Editor-in-Chief
Thu Sep 06, 2018

You would be forgiven for thinking that the American multinational food and beverage company PepsiCo only has numerous lines of delicious snacks to its name. However, as this section has demonstrated time and time again, times of intense human conflict oftentimes breed the most bizarre stories of innovation and circumstance. In this case, we take a closer look at how the competing economic ideologies of the Cold War led to the household brand name PepsiCo briefly becoming the world’s sixth largest military power, if only for a few days.

The story begins in July 1959 under the administration of U.S. President Dwight David Eisenhower. His vice president at the time, Richard Nixon, was sent to represent the U.S. in Moscow at the American National Exhibition, designed to show Soviet citizens the American lifestyle and the supposed superiority of capitalism. At this exhibition, Vice President Nixon and First Secretary of the Communist Party Nikita Khrushchev explored the displays of American technology and consumerism under the hot July sun. First Secretary Khrushchev was particularly prone to sweating, and the increasingly heated discussion he was having with Vice President Nixon certainly did not help.

It was then that the two leaders happened to pass by a display of Pepsi, led by Pepsi’s Vice President of Marketing, Donald Kendall. Seizing the opportunity, Kendall ran to help First Secretary Khrushchev by handing him a cup of ice-cold, sugary goodness. The picture taken of First Secretary Khrushchev is perhaps one of the best unintentional advertisements the company has ever had (in addition to having some rather ironic echoes in the face of more modern advertising attempts to connect the drink to political circumstances).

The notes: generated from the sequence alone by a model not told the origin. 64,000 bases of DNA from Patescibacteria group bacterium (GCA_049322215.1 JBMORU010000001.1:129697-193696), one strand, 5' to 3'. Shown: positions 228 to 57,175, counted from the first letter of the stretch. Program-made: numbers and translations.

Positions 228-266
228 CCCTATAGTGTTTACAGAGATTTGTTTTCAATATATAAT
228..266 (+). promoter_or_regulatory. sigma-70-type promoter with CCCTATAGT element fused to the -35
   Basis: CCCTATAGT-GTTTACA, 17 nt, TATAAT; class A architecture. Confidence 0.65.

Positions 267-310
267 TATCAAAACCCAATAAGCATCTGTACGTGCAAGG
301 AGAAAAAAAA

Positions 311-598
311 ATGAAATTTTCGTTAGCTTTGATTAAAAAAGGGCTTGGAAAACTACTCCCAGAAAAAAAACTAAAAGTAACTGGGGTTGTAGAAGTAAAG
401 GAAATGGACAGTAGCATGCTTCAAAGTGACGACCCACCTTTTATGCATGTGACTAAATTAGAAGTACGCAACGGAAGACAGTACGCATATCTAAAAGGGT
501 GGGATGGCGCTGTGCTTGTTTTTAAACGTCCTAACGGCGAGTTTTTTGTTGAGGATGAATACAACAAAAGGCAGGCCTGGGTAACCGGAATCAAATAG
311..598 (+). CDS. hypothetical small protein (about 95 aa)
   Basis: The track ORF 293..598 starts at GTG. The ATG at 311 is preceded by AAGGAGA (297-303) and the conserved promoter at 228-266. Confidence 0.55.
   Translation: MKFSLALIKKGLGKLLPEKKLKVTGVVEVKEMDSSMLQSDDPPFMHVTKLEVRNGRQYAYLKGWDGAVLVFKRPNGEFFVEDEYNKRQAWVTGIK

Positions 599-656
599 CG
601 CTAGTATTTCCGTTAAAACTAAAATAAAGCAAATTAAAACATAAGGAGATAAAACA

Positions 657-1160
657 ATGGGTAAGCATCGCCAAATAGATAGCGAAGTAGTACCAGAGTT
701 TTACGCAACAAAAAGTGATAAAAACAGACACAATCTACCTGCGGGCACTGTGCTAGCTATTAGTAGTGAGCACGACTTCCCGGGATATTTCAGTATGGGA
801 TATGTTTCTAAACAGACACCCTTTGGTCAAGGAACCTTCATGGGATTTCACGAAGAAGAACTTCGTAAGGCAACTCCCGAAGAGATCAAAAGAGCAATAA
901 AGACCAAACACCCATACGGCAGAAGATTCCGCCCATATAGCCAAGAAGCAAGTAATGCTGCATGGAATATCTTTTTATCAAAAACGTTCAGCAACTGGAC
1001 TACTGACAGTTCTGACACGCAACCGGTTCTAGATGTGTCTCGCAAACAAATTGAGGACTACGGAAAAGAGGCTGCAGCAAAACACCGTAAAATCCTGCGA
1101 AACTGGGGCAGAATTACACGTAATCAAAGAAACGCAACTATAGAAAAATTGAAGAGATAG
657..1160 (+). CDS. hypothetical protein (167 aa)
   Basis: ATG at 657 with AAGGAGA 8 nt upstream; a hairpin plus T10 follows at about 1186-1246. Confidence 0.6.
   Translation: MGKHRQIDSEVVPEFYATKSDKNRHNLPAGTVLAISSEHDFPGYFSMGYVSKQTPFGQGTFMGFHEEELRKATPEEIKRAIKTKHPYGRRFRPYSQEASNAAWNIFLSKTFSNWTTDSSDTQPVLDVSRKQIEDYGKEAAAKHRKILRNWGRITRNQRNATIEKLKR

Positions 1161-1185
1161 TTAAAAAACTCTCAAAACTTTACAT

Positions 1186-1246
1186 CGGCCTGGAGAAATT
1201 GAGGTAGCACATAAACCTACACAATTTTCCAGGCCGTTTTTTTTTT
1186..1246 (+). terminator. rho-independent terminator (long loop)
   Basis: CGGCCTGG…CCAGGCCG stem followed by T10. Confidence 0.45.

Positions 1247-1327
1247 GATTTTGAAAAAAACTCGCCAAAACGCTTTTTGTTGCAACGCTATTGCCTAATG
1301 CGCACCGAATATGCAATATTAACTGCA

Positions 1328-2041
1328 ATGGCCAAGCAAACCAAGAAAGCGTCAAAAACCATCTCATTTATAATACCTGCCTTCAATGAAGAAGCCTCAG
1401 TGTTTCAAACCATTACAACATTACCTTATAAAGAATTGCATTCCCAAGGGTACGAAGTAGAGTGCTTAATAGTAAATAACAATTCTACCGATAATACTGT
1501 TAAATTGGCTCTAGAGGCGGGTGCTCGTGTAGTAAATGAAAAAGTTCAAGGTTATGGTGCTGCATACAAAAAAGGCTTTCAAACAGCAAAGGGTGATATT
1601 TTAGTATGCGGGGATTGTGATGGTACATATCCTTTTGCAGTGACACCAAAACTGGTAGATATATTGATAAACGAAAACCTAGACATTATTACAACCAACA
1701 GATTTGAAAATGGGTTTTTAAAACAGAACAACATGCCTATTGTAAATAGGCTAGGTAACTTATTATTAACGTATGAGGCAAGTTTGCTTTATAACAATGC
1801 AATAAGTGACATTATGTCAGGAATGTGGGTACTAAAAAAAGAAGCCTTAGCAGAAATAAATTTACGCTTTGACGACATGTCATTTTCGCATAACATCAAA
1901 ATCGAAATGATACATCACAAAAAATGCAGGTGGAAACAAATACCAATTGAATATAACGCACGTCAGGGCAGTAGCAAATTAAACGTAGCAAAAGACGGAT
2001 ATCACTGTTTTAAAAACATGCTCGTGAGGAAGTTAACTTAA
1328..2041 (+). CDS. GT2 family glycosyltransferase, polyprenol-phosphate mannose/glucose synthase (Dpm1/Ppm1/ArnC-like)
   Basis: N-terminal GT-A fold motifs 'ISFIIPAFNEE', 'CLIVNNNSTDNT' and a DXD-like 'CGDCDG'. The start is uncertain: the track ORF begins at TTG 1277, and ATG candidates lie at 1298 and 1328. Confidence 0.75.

This story does not pick back up until 1972 with Richard Nixon now the president of the U.S and Kendall now the president of PepsiCo. For years, Kendall (like many other American capitalists) had been seeking ways to tap into the Soviet market and its millions of potential customers. By using his close political position to President Nixon, Kendall was able to reach a trade agreement that would bring Pepsi into the Union of Soviet Socialist Republics (USSR). However, the USSR reached a quandary on how it would actually go about paying to have the product imported and distributed through the company. The solution that was reached was rather simple: vodka. The USSR would trade its large stockpiles of Stolichnaya vodka for the carbonated deliciousness. Thus, in 1972 Pepsi became the first American product to be mass sold in the USSR while also becoming the sole importer of Stolichnaya vodka into the U.S.

In 1989, this trade agreement was due for renegotiation. Already operating over 20 factories across the USSR, PepsiCo’s renegotiated trade deal was valued at around $3 billion (about $5.9 billion today). A stockpile of Stolichnaya vodka was simply not going to cut it. So, the USSR logically traded in the next best thing it had: a fleet of naval warships. So, in 1989, in exchange for continuing to have Pepsi distributed throughout the country, the USSR gave PepsiCo 17 submarines, one cruiser, one frigate, and a destroyer.

This fleet made PepsiCo, for at least a few days, the world’s sixth largest military power. Not seeing much use for a fleet capable of launching a national invasion, PepsiCo quickly sold the fleet to a Swedish company to be recycled into scrap metal. PepsiCo President Kendall would then go on record to tell the U.S. National Security Advisor Colin Powell that “we are disarming the USSR faster than you.”

 

 

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